Originally Published: August 1, 2003 3 p.m.
The victim's mother, Mary Louise Smith, said she didn't expect the verdict to come so quickly, even though there was no doubt in her mind that the prosecutor, Deputy Yavapai County Attorney Ethan Wolfinger, proved the case beyond a reasonable doubt. She said that justice has been served.
"I just feel relieved and thankful to the prosecutor and detectives involved in this case," she said, adding that her friends offered the support she needed to deal with the loss of her son. "I couldn't have survived without my friends."
Police arrested Lappe in October 2001 and charged him with the shooting death of the 47-year-old Smith.
According to court records, police found Smith's body in his Prescott home in the early morning hours of Sept. 7, 2001, after receiving an anonymous phone call requesting a welfare check on him. Police found him dead from a .20-gauge shotgun wound to his head.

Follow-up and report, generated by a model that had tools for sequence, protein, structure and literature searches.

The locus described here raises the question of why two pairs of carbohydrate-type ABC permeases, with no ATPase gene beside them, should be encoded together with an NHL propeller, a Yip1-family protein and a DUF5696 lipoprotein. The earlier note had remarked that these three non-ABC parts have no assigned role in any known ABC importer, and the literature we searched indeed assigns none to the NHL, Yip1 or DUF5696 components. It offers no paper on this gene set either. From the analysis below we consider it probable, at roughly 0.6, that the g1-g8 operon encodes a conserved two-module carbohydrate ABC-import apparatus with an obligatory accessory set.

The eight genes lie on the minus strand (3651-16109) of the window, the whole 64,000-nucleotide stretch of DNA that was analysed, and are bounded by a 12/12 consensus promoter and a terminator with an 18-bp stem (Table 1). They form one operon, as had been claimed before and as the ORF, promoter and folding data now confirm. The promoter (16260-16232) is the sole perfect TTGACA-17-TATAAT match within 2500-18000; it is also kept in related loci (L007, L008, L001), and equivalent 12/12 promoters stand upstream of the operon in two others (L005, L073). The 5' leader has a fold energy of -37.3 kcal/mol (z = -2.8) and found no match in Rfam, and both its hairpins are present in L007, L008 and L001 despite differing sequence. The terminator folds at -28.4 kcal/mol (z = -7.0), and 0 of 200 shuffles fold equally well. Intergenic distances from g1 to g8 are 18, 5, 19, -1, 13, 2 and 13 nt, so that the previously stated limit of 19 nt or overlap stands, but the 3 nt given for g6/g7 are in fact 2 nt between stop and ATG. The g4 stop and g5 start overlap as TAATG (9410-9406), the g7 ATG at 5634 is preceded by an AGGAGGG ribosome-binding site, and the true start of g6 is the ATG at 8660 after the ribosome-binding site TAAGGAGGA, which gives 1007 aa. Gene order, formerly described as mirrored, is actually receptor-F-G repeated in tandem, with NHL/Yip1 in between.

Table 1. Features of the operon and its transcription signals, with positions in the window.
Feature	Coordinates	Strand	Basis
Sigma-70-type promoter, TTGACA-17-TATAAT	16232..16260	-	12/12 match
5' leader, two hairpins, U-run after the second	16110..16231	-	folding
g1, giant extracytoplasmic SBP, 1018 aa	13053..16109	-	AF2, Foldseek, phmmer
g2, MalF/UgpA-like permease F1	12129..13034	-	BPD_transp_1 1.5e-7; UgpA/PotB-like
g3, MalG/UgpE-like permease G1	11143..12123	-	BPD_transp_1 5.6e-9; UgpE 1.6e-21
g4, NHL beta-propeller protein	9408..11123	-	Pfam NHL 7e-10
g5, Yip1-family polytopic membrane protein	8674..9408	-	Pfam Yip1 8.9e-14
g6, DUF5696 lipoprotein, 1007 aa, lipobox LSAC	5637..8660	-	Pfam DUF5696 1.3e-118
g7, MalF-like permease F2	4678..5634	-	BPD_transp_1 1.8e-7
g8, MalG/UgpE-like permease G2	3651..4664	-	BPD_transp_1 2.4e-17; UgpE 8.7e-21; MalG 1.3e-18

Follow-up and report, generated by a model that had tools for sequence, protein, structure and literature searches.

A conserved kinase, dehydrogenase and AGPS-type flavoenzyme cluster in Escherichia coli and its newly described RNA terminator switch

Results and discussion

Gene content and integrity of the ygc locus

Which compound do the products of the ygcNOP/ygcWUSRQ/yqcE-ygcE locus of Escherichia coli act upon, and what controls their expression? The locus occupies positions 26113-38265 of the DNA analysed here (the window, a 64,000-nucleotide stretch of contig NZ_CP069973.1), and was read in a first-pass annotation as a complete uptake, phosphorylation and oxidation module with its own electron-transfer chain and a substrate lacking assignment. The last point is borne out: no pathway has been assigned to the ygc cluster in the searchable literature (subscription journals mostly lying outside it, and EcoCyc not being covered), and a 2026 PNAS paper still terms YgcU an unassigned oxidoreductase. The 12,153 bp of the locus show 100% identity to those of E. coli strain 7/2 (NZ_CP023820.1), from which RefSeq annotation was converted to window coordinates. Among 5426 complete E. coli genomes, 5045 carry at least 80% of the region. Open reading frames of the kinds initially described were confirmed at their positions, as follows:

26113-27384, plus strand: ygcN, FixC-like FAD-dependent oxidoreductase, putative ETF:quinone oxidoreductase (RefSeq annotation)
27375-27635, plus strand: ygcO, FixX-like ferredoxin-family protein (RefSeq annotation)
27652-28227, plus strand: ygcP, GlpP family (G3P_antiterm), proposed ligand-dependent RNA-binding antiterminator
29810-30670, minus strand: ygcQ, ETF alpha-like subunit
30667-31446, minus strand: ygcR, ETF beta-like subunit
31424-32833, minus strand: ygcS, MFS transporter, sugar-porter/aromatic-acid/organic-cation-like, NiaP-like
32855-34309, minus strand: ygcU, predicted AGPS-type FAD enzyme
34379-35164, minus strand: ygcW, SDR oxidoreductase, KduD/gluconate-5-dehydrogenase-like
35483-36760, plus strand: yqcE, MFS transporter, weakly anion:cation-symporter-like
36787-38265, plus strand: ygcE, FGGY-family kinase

Lappe reportedly told a number of people about the shooting. Police recovered the defendant's bloodstained clothes, as well as the shotgun.
In late June, during Lappe's first trial, Yavapai County Superior Court Judge William Kiger decleared a mistrial but declined to specify a reason for the public record.
At that time, Deputy Yavapai County Attorney Dennis McGrane and the defendant's lawyer, Kenneth Ray, said they could not comment on the reason for the mistrial because the judge imposed a gag order.
According to court records, Kiger ordered that no one, including court staff, could discuss the case in public. In addition, before he excused the first jury, he advised them that the court's admonition not to discuss the case would apply until after the new trial concluded.
Kiger set Lappe's sentencing hearing for 3:30 p.m. on Aug. 25.